Professor Zeisberg emphasized German music, especially Beethoven sonatas. When I got reasonably proficient in one, the professor uncased his violin and played the melody with embellishments along with me on the piano.
At times he would lean over me to get close to the music to read it, and the backs of his hands showed the huge, bulging veins of an active eighty-two-year old man. When I made a mistake, he rapped my hands gently with his violin bow and slipped into German to say “Es ist nicht so, Walter!” (That isn’t right, Walter!) In 1944 he gave me a manuscript copy of one of his compositions for children, titled “Kris Kringle,” composed in 1922.
Professor Zeisberg promenaded daily throughout the Southside. He was tall, bearded, and very much the proud German professor. He wore an old-fashioned black suit and top hat, which made him look like Abraham Lincoln. Though in his eighties, he walked very erect in long strides, tapping his black cane as he went briskly along.
Professor Francis Joseph Zeisberg died in 1951 at age eighty-nine. Clara, his wife for fifty-nine years, had died five years earlier. They were buried in the large Binder plot in Riverview Cemetery.
The Zeisbergs’ unmarried daughter Elsa had returned to Jefferson City to care for them when they were aging. She continued to live in the house in the woods at 210 East Dunklin until 1958 (she died 1985), when the property was sold to the Milo H. Walz family, which saw an opportunity to develop the corner commercially.
Here is another view of that corner. This time the view is almost true north, toward the intersection of Madison and Dunklin. The brick building at the left is the Madison side of the Wel-Com-In. The horizontal white structure to its right are the greenhouses for Busch’s Florist. The upright storefront for Busch’s is to the right of that.
Here is the same view as of September 2, 2012:
The beautiful, sturdy Binder/Zeisberg house is now encased within a modern commercial building at 210 E. Dunklin, with its nineteenth-century brick chimneys projecting bizarrely above a flat, modern roofline. Here are some views of the building.
. . . And the shady woods has been totally cut down. The pretty little creek now runs underground as a drainage sewer.
That corner of Madison and Dunklin became the Bolten Southside Conoco and most recently is Doug’s Blvd. Motors. Fred Binder’s well-preserved 1800s black surrey (with a fringe on top!), which was still housed in a carriage house on the property when it was sold in 1958, was given to the Missouri State Museum in the Capitol, where it was on exhibit for many years. Most recently it has been displayed at the museum at Lohhman’s Landing, but as of Labor Day weekend 2012, that museum is closed for renovations and the surrey will be placed into storage indefinitely.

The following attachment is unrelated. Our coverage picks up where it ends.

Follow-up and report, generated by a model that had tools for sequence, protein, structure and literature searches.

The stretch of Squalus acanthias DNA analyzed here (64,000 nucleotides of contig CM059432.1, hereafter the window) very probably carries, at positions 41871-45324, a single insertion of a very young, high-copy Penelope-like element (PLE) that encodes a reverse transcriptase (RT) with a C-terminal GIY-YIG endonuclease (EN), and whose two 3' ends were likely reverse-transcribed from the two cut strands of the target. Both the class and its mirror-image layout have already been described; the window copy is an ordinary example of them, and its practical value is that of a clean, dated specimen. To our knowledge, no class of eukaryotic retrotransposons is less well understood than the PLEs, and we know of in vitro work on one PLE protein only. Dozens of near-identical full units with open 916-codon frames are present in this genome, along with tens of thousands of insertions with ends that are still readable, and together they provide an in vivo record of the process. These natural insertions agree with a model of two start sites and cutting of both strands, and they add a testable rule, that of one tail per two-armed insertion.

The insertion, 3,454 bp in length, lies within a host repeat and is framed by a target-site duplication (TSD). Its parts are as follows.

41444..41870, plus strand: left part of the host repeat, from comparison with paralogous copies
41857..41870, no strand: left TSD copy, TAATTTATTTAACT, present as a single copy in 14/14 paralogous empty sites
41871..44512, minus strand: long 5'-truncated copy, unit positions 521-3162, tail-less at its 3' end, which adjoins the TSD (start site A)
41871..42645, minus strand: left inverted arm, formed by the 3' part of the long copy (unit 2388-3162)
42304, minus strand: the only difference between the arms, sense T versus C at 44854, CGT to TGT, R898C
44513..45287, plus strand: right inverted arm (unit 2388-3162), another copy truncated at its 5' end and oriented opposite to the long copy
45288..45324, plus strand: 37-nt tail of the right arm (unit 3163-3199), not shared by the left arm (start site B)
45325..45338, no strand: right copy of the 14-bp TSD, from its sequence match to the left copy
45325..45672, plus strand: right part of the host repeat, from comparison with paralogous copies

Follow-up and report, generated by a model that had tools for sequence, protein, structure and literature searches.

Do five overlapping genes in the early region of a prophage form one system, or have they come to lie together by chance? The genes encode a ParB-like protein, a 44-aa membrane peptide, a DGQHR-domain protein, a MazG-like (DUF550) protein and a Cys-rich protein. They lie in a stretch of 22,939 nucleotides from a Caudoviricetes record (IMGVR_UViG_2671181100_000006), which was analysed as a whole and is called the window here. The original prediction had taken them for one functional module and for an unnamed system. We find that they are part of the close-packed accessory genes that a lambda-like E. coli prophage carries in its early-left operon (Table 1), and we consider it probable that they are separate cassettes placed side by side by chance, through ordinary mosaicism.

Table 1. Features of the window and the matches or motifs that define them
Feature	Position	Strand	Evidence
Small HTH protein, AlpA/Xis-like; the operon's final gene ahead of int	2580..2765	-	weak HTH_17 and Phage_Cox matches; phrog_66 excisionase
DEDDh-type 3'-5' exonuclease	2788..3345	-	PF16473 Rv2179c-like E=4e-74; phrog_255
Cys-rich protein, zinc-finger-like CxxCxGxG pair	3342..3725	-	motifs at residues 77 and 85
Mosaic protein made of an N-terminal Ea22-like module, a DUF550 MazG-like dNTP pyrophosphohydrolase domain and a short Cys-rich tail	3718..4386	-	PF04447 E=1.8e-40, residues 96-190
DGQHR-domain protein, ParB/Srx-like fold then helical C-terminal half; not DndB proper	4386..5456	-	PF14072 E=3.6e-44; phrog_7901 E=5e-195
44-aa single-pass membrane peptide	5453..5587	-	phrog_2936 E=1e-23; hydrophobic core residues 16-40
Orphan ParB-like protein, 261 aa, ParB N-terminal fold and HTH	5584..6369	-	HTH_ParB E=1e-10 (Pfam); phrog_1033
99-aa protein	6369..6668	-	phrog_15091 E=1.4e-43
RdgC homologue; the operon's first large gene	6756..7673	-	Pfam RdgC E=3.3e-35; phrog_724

Professor Zeisberg’s legacy endures not only in the huge number of students he taught in Jefferson City and Virginia, but also in his enormous volume of compositions. He began publishing in the 1890s with the Theodore Presser Company of Philadelphia. He composed numerous children’s songs for both piano and violin, transcriptions of well-known American melodies like Stephen Foster’s “Old Black Joe,” and other, longer works.
He composed secular and church music for male and mixed choruses. Central United Church of Christ still uses some of the anthems and choral responses he composed or arranged for it more than eighty years ago. Most impressively, he composed two full-length masses and at least eighty-five—yes, eighty-five!—fugues for the organ.
His immense trove of compositions, some published and others in manuscript, was given to his star student, Carl Burkel. A few of the organ fugues are in the music library of Central Church.
Special thanks to Albert Case for sharing his personal memories of Professor Zeisberg. Mr. Case drove the “Dutchy” professor to his summer home in Virginia in the Zeisberg touring auto. Thanks also to Shirley Klein, organist at Central United Church of Christ, for sharing the manuscript copies of Zeisberg’s fugues. Thanks also to the late Don Walz for his photographs of the Binder woods. The photo of Carl Burkel is from Carl’s collection and was made by Bob Elliott; it is used with permission. And thanks to my wife for sharing her schoolgirl artistic talents. I cannot find a photo of the Binder house!
Copyright 2012 by Walter A. Schroeder.